Friday, July 7, 2017

Labour & Pop Culture: Tragic

This week’s installment of Labour & Pop Culture features the novel “Tragic” by Robert Tanenbaum. Tannenbaum is a former prosecutor turned crime/court writer and Tragic is the 25th book in a series featuring an ever-prepared New York prosecutor putting away the bad guys.

Much like Tanenbaum’s earlier novel “Absolute Rage”, the baddies in this one are corrupt union officials. This time they are New York dockworkers who are in bed with the mob and also stealing the members’ pension funds (there is also a subplot about workplace injury). (In “Absolute Rage”, the bad union bosses were in bed with the coal companies and stealing the member’s pension funds. In “Trap” (which I haven’t read yet) the antagonist is a corrupt teacher’s union president in bed with skin heads.)

The really bad union president has one of his not-quite-so-bad rivals bumped off to prevent him from demanding a Department of Labour investigation into a rigged election (which is exactly the same premise as Absolute Rage). The difference in this book is that the writing is atrocious and there is basically no tension as the prosecutor (who is basically the author in disguise—the whole series leans a bit towards being a roman à clef) anticipates everything the moronic defense council tries.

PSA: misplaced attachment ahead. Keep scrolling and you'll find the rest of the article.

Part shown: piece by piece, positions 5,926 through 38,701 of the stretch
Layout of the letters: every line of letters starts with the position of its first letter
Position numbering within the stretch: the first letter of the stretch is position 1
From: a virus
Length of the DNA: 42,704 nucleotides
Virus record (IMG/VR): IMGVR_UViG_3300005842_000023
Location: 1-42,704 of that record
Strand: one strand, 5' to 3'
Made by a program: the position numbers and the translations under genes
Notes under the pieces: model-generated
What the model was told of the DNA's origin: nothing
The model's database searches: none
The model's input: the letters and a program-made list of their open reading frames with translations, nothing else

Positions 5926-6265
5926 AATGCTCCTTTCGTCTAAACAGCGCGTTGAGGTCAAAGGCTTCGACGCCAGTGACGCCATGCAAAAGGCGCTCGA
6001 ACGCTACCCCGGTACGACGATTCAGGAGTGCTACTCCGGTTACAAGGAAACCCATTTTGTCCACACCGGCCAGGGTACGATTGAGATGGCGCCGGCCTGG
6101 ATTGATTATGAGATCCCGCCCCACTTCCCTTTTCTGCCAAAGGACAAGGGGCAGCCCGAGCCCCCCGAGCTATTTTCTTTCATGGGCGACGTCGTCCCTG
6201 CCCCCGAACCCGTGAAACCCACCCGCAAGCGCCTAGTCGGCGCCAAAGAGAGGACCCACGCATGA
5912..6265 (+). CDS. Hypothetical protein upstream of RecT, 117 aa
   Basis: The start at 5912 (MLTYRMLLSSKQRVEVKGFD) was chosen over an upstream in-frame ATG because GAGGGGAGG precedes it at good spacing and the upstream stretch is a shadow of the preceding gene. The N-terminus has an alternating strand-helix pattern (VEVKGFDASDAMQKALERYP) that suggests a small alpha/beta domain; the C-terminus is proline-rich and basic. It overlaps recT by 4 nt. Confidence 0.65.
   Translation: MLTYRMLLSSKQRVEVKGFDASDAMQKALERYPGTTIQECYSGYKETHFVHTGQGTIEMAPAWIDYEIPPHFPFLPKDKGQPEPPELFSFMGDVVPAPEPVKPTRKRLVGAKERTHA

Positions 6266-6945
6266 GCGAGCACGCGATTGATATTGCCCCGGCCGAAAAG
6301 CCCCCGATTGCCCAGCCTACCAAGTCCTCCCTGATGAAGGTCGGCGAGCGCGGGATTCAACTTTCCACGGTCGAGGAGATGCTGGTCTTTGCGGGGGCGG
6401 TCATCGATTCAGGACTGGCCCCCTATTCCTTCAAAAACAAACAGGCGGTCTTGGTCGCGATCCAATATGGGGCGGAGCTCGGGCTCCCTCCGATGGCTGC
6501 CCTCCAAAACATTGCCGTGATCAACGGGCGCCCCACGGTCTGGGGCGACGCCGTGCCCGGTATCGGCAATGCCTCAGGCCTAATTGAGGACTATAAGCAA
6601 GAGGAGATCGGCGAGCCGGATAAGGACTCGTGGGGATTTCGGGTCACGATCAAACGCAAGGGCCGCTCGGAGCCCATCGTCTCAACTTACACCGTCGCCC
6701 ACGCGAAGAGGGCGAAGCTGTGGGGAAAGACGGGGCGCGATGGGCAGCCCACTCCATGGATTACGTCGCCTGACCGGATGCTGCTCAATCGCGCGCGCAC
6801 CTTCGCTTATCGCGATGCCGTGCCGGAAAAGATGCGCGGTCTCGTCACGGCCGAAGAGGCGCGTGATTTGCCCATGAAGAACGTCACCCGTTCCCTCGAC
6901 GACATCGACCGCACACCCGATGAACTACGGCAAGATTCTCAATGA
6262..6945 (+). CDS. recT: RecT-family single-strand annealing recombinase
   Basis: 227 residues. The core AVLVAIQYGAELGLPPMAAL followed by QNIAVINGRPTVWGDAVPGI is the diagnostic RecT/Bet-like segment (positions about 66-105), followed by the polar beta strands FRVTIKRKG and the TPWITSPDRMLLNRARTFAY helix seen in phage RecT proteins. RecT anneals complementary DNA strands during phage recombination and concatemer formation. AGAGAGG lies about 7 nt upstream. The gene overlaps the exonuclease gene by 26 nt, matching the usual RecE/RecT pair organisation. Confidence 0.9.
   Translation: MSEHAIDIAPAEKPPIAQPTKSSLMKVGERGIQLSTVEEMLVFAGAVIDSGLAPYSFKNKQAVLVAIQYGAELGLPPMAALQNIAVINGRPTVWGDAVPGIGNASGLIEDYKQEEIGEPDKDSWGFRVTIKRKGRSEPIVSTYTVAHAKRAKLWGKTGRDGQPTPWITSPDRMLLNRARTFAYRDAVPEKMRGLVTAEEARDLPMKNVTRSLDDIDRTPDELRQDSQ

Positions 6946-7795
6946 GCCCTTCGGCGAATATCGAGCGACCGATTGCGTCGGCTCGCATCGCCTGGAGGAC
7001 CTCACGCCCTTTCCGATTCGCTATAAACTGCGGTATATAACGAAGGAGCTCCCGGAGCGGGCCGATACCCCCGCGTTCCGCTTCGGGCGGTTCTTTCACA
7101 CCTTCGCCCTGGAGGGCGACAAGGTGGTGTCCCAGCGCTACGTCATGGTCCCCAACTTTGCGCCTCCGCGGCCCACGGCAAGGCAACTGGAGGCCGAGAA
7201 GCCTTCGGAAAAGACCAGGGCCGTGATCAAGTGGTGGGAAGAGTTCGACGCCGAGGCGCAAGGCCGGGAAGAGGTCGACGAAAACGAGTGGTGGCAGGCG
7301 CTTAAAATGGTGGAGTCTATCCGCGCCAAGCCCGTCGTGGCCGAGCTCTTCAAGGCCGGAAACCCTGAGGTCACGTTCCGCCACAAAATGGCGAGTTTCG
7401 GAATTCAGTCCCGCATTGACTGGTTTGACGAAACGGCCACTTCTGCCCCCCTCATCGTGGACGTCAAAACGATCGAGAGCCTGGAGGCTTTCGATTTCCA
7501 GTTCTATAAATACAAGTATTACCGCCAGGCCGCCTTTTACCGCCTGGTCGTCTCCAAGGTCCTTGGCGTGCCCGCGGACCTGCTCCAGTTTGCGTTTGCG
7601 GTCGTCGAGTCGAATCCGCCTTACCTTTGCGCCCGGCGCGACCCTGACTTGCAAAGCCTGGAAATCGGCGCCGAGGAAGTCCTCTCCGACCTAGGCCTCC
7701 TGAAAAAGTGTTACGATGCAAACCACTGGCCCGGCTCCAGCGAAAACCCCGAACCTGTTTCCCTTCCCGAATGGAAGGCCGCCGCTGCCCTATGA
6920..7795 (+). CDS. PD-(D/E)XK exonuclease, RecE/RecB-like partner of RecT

Overall, Tanenbaum’s novels seem to pretty much align with the tendency of American media to portray unions as corrupt. As an aside, the Publisher’s Weekly reviews of his books on his website are masterfully backhanded (“…well, if you like this kind of thing, then he’s done it again.”) The author is a bit of a blowhard: consider this quote from his website about one of his own books:
I cannot predict that in the decades hence Echoes of My Soul will be remembered. I firmly believe it will be. And, if it is, it will be analyzed and postured as a splendid reflection of the values that define us.

-- Bob Barnetson

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